We are much more intelligent than we give ourselves credit for. During my first few weeks at University I have realised the technicality of the English language. It is not uncommon when asked how many languages people speak to reply, “Oh, I only speak English”. Actually, despite being a native speaker myself I now realise the depth of the English language. For every single second we are speaking we are using so many techniques.
This relates to the word structure; we naturally know what order words should be placed in a sentence and when we say something which is grammatically incorrect we know why. We know what morphemes (little building blocks used to create words) to add on the end of a word to either pluralise or change the tense. We can turn morphemes into a whole different word class simply by adding letters. We use can deitics (simply known as verbal pointing “this and that”) to naturally avoid repetition in a sentence. We understand what we should and shouldn’t say in a situation (Pragmatics). We realise the importance of power in a conversation and who acts as the agenda setter. We know how to effectively pronounce words and sounds simply by breathing. All these things we do on a daily basis and we don’t even realise!
There are so many depths to English that we are oblivious to. I feel as if my eyes have been opened to how technical formulating words are. For example I never knew that the word Fax is the shortened version of the word facsimile or that scuba is an acronym (standing for self-contained underwater breathing apparatus!). Even though I have been speaking English all of my life I am still learning.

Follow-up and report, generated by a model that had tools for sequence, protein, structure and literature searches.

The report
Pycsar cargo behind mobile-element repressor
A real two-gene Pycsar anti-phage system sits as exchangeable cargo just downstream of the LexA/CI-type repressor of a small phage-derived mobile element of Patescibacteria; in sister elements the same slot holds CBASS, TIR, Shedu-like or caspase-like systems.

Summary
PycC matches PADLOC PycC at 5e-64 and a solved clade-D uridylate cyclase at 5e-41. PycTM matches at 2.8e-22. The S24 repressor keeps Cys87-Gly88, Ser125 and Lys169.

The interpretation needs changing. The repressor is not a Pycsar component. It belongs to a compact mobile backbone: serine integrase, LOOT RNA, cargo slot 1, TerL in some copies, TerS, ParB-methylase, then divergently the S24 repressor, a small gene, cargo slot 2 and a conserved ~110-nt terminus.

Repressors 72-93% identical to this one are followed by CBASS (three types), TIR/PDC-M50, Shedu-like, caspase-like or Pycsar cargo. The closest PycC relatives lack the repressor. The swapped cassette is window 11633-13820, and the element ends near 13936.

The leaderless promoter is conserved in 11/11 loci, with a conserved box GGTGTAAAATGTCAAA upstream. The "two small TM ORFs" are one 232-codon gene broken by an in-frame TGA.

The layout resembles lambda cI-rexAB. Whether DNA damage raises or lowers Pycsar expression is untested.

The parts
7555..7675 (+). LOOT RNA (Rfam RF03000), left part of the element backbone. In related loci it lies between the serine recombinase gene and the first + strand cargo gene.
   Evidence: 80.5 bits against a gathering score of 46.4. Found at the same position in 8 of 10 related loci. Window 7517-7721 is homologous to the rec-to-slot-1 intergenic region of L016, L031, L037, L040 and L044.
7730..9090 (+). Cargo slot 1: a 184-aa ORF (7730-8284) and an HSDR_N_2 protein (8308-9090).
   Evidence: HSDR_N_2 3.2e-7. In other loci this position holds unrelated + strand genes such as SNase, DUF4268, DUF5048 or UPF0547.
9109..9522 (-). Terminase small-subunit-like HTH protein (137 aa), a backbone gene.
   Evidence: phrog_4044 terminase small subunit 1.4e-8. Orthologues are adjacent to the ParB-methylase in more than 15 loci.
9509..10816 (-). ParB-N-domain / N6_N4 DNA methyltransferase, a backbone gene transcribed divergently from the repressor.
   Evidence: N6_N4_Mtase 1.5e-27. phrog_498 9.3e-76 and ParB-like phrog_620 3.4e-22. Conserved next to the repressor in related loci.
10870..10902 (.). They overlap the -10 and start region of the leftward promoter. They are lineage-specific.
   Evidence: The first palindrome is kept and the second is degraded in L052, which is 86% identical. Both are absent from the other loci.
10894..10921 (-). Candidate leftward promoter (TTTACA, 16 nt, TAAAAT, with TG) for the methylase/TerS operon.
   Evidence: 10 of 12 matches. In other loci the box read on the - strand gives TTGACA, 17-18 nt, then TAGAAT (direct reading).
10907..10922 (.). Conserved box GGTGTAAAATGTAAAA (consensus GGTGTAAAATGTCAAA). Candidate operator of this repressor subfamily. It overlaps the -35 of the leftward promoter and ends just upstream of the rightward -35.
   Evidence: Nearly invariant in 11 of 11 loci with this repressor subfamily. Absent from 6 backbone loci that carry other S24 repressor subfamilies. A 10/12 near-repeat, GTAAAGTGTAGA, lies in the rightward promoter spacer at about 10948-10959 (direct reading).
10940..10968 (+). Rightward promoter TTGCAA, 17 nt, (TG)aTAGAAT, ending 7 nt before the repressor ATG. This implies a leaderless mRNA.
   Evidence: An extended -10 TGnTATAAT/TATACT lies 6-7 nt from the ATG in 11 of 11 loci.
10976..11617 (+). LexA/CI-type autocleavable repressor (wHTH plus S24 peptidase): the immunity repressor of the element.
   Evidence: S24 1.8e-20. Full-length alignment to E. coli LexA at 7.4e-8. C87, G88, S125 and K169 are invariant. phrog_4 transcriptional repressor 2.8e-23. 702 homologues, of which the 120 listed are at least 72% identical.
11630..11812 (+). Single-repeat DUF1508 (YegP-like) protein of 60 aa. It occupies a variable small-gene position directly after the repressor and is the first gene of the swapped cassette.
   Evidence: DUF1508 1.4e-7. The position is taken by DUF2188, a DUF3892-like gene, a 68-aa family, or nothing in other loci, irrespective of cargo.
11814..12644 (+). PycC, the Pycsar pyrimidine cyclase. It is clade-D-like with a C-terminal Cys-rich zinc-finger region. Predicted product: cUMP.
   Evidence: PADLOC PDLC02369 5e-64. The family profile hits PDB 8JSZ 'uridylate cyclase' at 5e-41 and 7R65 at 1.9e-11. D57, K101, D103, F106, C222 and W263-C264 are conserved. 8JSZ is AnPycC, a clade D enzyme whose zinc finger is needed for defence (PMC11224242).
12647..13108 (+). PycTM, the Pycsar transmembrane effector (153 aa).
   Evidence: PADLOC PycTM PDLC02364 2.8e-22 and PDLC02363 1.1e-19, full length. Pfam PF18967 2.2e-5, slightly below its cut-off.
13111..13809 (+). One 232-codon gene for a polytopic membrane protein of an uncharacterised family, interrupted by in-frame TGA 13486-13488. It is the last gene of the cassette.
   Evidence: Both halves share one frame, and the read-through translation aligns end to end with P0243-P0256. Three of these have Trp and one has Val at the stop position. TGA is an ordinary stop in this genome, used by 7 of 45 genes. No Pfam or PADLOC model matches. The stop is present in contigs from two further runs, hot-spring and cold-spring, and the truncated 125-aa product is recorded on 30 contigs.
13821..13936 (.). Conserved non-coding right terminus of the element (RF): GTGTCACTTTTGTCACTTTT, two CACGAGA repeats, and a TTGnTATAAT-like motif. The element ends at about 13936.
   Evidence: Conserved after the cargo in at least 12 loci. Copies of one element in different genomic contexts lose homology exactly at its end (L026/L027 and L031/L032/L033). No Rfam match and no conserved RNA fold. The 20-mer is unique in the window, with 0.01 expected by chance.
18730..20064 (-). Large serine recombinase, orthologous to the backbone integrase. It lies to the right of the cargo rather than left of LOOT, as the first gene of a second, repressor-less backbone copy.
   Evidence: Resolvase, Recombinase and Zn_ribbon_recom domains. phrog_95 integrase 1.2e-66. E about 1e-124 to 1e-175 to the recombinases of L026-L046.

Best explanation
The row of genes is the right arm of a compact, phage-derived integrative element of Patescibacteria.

Everyday situations seem to be different now I have become aware of these techniques. This links to Chomsky’s theory of competence and performance. We have competence of English and we know how to talk to others, performance takes into account what is relevant in context. I was on the train the other day and two women got onboard. They were deep in discussion about a visit to a One Direction concert. Meanwhile, everyone else on the train took shelter from listening to their music or reading a book. They continued their discussion and I admire them greatly for having the confidence to be oblivious to what the other people on the train were doing.
As the journey progressed the conversation changed to the state of health of the women’s father. In theory, this was probably not the most sensitive place for the discussion on a busy morning train. Despite this, the context of the women’s conversation was that of two friends having a conversation, as you would in a restaurant or coffee shop.
Initially I was shocked they were speaking at a volume that the majority of passengers would be able to hear. However, reflecting back this would not have been uncommon a few years ago. It is only now that society and the use of English has adapted to text or messages. If everyone else on the train was conversing there would not be any attention drawn upon the friends. In today’s society we are much more introvert focusing on minimal communication. We prefer to preoccupy ourselves on the train rather than facing the thought of having to talk to someone.
Just this simple train journey highlights how rapidly our use of English changes and how it influences our relationship with other people. Studying this change is one of the reasons I love studying English. Therefore, the next time someone asks you how many languages you speak be proud of the fact you “only speak English”.